My earliest memory of grasses is from fields opposite the house where I grew up. In the suburbs of Birmingham there were not many areas of farmland left so we were lucky to have this little oasis. To me this was the countryside. Along with my siblings and neighbourhood friends we would feed carrots to the horses and run for our lives when the farmer let his cows into the old meadow. They would stampede downhill to drink from the brook where we played so we often had to climb into the trees for safety. Alas these fields were turned into a housing estate during my teens but I’m certain that enjoying this bit of green space had a profound and lasting effect on me. Watching diggers move in and the concrete being poured was heartbreaking. I’d guess the loss of those fields is the reason I now jump at the chance to travel out of the city, even if only to visit a manicured garden.
A few years ago I was tasked with maintaining and developing a large grass garden. The task was pretty daunting, especially as I didn’t have much knowledge of ornamental grasses, but I quickly fell in love with them. I think there’s an element of nostalgia, especially attached to the giant grasses. Maybe they make me feel like a small child again, taking me back to walking through fields of swaying fescue and wheat. It’s clear, many people are now turning to grasses to add a sensory element to their gardens. Maybe, like me, they long for the fields and meadows we have lost. I thought I’d share a few of my favourite grasses.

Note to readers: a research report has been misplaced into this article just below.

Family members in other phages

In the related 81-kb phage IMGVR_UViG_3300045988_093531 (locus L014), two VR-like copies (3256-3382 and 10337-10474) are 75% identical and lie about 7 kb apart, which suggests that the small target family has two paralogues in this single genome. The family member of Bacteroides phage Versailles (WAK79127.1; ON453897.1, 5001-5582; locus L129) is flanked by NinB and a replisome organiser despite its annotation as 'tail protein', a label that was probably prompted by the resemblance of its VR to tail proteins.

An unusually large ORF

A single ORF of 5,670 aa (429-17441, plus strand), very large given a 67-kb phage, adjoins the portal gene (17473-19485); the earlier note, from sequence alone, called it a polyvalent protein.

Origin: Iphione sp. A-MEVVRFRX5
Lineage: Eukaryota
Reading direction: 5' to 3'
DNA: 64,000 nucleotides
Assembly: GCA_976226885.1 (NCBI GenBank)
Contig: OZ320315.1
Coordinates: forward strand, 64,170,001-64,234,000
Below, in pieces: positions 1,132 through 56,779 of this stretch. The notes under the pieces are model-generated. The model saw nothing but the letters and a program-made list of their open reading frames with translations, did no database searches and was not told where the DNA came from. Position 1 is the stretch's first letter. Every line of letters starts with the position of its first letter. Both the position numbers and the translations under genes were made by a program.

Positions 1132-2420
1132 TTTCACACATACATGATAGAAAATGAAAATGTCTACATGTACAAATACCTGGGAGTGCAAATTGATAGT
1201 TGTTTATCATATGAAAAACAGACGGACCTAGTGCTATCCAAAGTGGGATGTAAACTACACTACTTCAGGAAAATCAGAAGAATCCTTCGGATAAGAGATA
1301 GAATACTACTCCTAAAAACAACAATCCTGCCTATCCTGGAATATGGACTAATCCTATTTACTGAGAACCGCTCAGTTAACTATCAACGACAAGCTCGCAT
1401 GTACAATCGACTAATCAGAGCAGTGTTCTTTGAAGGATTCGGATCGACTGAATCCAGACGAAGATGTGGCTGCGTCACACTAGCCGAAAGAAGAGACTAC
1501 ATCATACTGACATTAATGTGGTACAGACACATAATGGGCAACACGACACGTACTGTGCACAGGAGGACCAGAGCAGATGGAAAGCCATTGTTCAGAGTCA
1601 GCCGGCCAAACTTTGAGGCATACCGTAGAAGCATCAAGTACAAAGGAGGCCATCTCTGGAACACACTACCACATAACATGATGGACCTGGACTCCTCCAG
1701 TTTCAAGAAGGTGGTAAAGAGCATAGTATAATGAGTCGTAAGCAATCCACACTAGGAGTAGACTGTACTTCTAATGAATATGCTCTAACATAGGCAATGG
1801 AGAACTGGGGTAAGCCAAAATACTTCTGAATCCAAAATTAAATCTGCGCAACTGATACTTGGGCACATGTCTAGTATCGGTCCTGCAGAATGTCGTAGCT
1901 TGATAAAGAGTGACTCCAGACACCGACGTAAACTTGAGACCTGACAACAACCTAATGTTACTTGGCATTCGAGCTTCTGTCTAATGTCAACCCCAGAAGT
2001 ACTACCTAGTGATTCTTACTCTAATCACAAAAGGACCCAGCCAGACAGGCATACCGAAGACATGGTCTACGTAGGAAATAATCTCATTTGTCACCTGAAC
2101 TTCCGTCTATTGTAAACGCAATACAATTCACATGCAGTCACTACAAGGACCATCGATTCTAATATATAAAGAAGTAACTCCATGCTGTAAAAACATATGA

One of the most widely cultivated genera of grasses is miscanthus. From the towering and jungle-like Miscanthus floridulus, which grows in excess of ten feet, to the modest Miscanthus sinensis ‘Starlight’, growing only to around three feet, there is a miscanthus for almost any garden size and style.
I like to use larger miscanthuses, such as floridulus and sacchariflorus in conjunction with tropical plants such as cannas and bananas. These dramatic leaves are very effective planted densely, with narrow pathways running between. They are perfect for a childrens’ adventure garden.
Miscanthus sinensis ‘Malepartus’ is a plant with striking burgundy flowers which grows to around six feet tall and sits happily at the rear of a herbaceous border. ‘Starlight’ will take it’s place in the middle or front of the border. There are many cultivars of M. sinensis available but beware, no matter their size, after two or three years they may well need dividing and this is no easy task. I recently heard a television gardener telling viewers that miscanthus will thrive in heavy clay. This is true but bear in mind, heavy clay will make them all the more difficult to divide.
Fountain grasses add a floaty, dreamy look to a border but work equally well standing alone as a specimen plant where they can achieve their natural dome shape. They are the most tactile of grasses, generally about the right height to brush a hand through whilst walking past. Cenchrus alopecuroides ‘Dark Desire’, formerly Pennisetum alopecuroides, is one of my favourite fountain grasses.